“Many clients have grown marijuana for years underground,” Espinda said. “Now they want to file tax returns but they don’t know much about record keeping and business and we help them with that. We have growers, cultivators, people who do processing, wholesalers, it varies by state.”

And each state is different.

For instance, in Washington, getting licensed is a huge obstacle.

“There’s lots of hoops to go through, the licensing process can be very time consuming, thorough background checks, getting to the point where they can open their doors can take years,” she said. “That was a big thing and then it became, now that we are licensed, open and operating, many people were bootstrapping it and undercapitalized. More money was needed to get the business up and running to achieve some sort of success, so people would take on investors.”

Espinda said she’s now seeing a more maturing market with many more retail stores and growers and as a result, more corporate divorce.

“We’ve had a handful of clients who have had divorces and we’ve been called by new clients that their business relationship is falling apart,” she said, adding they are asking for help putting their books together.

The firm is proactively marketing but to the right types of clients. These are, according to Espinda, clients who consult with them before they act and follow through on recommendations. And of course, they make good on their invoices – which has gotten easier because of the decision to develop retainers for all the firm’s clients.

“Everybody is on a retainer,” she said. “We do not do it on a fixed fee, everything is by the hour, we bill against the retainer. It’s like a deposit.”

Espinda said during the onboarding process, both parties take the time to get to know each other. They talk about the firm’s services and make sure they understand what the cannabusiness needs, knowing that sometimes things change.  Payments do come in cash, though Espinda said many of the licensed cannabis businesses in Washington and Oregon have access to banking.

“Those clients will send us checks or choose to give us cash,” she said. “We try to keep those cash receipts below $10,000, but it’s not uncommon for me to come in with $5,000 in cash and hand it over to my business manager.”

Espinda is not in this alone. The owners of Rhodes & Associates are also owners in ACT Resources. Before she decided to go all in, Espinda did her due diligence.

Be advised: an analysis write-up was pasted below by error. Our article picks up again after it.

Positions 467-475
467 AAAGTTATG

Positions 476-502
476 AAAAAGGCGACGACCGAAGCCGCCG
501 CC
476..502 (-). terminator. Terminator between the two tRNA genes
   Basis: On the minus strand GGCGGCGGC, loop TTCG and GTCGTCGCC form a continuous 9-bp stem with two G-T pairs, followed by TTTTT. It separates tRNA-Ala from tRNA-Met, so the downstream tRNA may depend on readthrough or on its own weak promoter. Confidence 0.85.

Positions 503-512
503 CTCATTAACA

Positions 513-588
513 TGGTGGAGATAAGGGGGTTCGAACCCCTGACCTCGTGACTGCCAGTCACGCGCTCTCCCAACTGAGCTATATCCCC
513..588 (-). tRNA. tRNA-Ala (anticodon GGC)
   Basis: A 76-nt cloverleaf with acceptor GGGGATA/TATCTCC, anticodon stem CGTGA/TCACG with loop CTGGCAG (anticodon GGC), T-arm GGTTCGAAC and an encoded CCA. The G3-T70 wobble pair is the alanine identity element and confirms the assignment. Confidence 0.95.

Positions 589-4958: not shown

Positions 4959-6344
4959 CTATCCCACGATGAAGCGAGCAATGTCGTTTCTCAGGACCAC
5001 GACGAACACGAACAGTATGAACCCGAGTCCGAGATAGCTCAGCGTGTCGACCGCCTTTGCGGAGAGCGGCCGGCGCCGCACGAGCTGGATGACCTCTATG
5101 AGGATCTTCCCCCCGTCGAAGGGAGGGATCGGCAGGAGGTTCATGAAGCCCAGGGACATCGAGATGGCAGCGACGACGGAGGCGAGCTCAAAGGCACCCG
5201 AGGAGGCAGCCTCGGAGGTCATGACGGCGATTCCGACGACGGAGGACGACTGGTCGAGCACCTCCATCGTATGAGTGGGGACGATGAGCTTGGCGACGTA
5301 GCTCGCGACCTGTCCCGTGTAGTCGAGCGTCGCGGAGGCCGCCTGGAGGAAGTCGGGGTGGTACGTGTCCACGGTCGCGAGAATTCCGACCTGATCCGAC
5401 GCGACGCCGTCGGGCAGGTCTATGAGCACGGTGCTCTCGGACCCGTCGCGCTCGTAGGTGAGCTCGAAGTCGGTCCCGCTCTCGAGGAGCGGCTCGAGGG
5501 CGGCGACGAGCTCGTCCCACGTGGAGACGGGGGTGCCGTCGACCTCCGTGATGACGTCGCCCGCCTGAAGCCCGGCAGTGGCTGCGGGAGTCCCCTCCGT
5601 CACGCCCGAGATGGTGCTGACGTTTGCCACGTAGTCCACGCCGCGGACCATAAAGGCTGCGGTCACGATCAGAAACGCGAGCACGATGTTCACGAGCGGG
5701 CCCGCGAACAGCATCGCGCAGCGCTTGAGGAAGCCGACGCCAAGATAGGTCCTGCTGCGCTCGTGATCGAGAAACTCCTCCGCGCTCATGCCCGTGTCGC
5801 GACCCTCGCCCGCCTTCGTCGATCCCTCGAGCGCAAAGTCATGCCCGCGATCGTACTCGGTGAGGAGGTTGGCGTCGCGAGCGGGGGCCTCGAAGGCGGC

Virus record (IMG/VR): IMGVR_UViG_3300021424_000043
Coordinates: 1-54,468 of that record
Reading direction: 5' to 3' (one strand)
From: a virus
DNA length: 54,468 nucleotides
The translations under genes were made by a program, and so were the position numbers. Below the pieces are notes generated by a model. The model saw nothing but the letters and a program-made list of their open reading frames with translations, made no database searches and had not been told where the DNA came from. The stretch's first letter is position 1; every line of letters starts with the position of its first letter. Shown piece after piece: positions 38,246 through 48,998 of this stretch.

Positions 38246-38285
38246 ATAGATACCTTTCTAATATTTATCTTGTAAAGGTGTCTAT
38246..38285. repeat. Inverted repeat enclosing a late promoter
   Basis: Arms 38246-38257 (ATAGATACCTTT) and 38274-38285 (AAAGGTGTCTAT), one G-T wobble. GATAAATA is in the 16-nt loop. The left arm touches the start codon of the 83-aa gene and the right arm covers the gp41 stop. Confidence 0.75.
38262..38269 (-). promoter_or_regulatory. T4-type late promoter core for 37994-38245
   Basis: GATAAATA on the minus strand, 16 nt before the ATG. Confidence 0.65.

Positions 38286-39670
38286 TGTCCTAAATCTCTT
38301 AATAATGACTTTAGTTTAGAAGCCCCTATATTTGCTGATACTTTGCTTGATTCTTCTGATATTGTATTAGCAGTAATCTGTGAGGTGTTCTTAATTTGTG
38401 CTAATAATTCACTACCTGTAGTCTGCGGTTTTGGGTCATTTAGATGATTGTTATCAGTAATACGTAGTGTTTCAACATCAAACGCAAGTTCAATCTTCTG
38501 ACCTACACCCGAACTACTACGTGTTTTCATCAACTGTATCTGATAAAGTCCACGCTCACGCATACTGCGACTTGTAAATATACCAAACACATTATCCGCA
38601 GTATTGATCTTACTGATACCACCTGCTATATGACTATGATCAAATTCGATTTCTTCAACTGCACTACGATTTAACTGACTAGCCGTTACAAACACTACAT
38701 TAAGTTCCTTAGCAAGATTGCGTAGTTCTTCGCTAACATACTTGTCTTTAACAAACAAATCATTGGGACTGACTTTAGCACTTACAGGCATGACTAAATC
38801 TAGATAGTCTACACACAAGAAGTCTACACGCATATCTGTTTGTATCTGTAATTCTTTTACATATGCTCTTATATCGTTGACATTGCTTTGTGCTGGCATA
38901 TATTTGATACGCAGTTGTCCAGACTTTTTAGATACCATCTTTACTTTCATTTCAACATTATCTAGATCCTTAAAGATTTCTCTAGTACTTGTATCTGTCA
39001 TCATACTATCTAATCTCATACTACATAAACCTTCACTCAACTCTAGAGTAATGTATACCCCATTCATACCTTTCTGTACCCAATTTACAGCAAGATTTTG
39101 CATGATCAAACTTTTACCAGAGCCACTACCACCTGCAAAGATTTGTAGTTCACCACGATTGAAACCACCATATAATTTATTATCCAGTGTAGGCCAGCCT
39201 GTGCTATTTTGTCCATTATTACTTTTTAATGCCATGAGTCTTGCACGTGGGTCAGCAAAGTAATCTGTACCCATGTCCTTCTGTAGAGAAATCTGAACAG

“My firm is behind me 100 percent and that was something that was important to me before I really went out and went all in,” she said. “I am licensed by the state and needed to make sure I wasn’t overstepping any bounds that will put my license in jeopardy. We have very specific requirements and due diligence and standards that we have to meet and I had to make sure working in this space wasn’t going to jeopardize those requirements. It makes a lot of CPAs nervous.”

That said, Espinda said she finds support in other practitioners in the niche. They meet and talk best practices.

“Working with cannabis clients, there are some very specific rules about what they can and can’t deduct. That’s fairly easy but there is still a lot that floats in the gray zone,” she said.  “There is still some uncertainty. We don’t have a lot of case law to guide us.”

With close to all of her clients involved the cannabis industry in some way or another, Espinda has worked with businesses in Oregon, California, Washington and Alaska and really tries to educate them as they start to navigate the industry. A licensed CPA for 16 years before she took on cannabis clients, today when she tells people this is her niche, people’s interest levels increase.

“CPAs need to understand the nuances of cannabis taxes and 280E, and what is appropriate to deduct and what is not,” she said. “I’ve seen a lot of terrible returns which frankly scare me on behalf of my clients because it exposes them to a lot. They must understand the rules and be comfortable with them, understanding there are risks associated with that – for the client and CPA. We have to revisit what we are doing all the time. What worked yesterday might not work tomorrow.”